Archimandrite Peter, Abbot of Monastery of St John the Baptist, Essex UK
The word of God has four meanings: 1. In the bosom of the Trinity, the Only-begotten Son of the Father is called the Word of God because He was the One Who delivered to us the revelation of God the Father. 2. Also in the bosom of the Trinity, the word of God is the energy, the power of God by which all things in heaven and on earth came into being: ‘God said, Let there be light: and there was light’ (Gen. 1:3). 3. On the historical level, the word of God is Holy Scripture. 4. The fourth meaning has to do with the human word: when it is integrated into the perspective of the divine word, the human word can become an instrument of regeneration. Our Holy Fathers would receive the word of God in their heart, and through this word they would regenerate those around them. It is about this fourth meaning that I would like to speak today.
Even after the fall, the image of God is preserved in man and so it is natural for him to seek for the absolute in his life. The tragedy of the contemporary man is that, just with one click, he has access to an ocean of information, but in that ocean he cannot find the one thing he has been created for: to receive the revelation, the life of God by grace in his heart. Therefore, man is now starving: ‘The days come… that I will send a famine in the land, not a famine of bread,… but of hearing the words of the Lord’ (cf. Amos 8:11). When the Lord was tempted in the desert, His infallible mouth uttered these words: ‘Man shall not live by bread alone, but by every word that proceedeth out of the mouth of God’ (Matt. 4:4). Therefore, the word of God is the source of life, without which man’s soul is completely dried up. Even through music, entertainment, cinema or theatre, man is seeking in fact for the word of God. These substitutes give him only temporary pleasure, but can never fill the void in his soul. It is so unfortunate that he remains with these earthly pleasures, not knowing that only the word of God accompanied by prayer can elevate his life to the uncreated.
In the Gospel of Saint John, Christ says that He is the vine and we are the branches. A branch can bear fruit only if it is united with the vine, but what is the fruit it will bring? The Lord explains this, saying: ‘If ye abide in me, and my words abide in you, ye shall ask what ye will, and it shall be done unto you’ (John 15:7). If the word of Christ abides in man, it will surely lead him to prayer: it comes as a light and in the light of this word, man sees the holiness of God, His ineffable love and therefore is naturally attracted to Him. Man also sees that he is fallen, distorted and not fit for this love of God, and this urges him to turn to God with a strong cry. The words of Christ were uttered in the power of the eternal Spirit of God, and if we allow this word to dwell in us, then our own prayer will be uttered, keeping the proportions, in the same power of the Spirit of God, for we will speak to Him in the same language He spoke to us. If Christ’s word dwells in us, we shall turn to Him with prayer and whatever we shall ask, it shall be done unto us. This is how we will bear much fruit (John 15:8). This means that without the word of God we remain fruitless. He who does not read the word of God, will be poor in prayer.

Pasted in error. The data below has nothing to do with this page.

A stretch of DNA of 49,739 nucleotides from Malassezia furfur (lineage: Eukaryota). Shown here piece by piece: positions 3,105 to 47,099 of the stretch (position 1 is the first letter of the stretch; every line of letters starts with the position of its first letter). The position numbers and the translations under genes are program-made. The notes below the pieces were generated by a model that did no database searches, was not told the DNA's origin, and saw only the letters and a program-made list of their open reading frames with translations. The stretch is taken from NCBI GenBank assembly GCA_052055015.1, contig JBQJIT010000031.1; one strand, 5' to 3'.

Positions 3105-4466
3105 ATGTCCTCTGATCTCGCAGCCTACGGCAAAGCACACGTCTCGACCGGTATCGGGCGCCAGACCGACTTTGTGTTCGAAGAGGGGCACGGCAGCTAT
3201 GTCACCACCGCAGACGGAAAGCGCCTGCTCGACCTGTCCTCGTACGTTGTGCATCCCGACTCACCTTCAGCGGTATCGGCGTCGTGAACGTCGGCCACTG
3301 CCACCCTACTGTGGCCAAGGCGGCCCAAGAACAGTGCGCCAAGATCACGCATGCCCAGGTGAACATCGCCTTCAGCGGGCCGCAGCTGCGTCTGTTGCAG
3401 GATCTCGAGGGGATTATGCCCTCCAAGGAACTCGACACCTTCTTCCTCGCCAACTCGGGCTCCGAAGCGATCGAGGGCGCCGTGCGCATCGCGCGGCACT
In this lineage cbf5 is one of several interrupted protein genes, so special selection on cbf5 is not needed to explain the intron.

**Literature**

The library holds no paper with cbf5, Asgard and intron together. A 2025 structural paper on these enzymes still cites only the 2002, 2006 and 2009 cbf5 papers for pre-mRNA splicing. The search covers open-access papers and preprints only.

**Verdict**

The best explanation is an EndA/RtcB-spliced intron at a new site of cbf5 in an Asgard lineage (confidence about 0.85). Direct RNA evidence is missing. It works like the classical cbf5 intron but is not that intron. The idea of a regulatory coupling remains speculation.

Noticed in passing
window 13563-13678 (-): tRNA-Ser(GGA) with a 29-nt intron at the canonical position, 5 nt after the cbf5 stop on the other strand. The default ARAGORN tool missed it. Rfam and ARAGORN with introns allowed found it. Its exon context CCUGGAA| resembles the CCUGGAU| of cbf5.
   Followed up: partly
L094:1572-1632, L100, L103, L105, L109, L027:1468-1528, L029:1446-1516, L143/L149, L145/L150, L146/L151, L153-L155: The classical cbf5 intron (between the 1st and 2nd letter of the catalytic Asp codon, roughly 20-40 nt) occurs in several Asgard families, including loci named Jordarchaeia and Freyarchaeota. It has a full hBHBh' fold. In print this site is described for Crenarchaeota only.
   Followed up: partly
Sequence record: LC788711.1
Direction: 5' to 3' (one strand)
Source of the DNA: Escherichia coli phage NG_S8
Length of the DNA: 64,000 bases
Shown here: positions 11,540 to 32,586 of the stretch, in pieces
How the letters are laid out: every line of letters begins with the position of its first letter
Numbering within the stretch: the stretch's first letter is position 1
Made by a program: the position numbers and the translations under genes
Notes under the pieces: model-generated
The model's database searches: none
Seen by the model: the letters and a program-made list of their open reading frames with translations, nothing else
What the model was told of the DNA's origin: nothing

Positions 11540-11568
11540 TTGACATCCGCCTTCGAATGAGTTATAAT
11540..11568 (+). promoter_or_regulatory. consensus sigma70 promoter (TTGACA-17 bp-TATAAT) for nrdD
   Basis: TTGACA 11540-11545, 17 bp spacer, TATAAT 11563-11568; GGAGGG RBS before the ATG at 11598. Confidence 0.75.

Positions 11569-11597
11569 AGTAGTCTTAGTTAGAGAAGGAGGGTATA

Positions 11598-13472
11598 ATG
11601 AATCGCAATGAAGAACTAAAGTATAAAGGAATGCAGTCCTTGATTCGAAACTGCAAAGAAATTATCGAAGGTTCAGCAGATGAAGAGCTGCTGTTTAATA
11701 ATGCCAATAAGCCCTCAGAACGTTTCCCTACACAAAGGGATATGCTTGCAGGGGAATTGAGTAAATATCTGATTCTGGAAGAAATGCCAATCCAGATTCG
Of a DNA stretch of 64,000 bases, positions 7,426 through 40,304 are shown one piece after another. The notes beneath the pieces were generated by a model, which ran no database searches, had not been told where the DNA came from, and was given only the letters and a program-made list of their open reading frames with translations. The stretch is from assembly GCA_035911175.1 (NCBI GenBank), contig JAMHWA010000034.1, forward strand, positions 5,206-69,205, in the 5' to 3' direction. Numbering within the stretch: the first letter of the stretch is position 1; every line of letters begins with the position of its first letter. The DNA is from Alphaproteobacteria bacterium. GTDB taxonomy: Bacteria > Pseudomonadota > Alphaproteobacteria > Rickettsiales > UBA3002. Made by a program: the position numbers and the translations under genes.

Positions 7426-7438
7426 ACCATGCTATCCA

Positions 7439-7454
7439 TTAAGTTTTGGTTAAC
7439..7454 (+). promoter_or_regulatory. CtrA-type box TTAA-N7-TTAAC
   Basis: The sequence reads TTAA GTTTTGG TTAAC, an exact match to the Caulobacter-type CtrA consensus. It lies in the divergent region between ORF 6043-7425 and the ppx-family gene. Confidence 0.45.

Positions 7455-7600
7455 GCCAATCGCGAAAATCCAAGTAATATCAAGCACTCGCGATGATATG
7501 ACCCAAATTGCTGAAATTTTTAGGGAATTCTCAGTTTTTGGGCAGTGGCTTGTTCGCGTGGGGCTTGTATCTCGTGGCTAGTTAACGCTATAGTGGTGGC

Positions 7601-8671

The word of God also has the power to transmit new life and give a new birth to the one who listens. Saint Paul says that through his Gospel, he has begotten the Corinthians (1 Cor. 4:15), for his fatherhood was established in his relationship with Christ. He was feeding the Corinthians with what he was being fed by Christ, with his Gospel. We must not despise the word of God because Christ chose to bring to us God’s revelation in this humble manner. When some people are asked if they believe in God, the first immediate response they give is, ‘Where is He? If I see Him, I will believe in Him.’ Yet, He has appeared on earth and has conversed with men, and His words have been passed on to us. It is through the word of God that we come to know and receive Him in our very heart, and we must not be scandalised by the humble manner in which He decided to come to us. All the mysteries of the coming of Christ on earth have been actualised in a secret manner, in silence: His birth, the Annunciation of the Mother of God and even His own Resurrection happened in a mystical, humble way so that we follow Him, if we want to. As Christ said to the young rich man, ‘If thou wilt be perfect, follow me’ (see Matt. 19:21). In all the mystery of His coming on earth we keep hearing His humble calling ‘If thou wilt…’ This is how He calls us to salvation without violating our freedom. Christ always attracts through His humble love and we are never forced.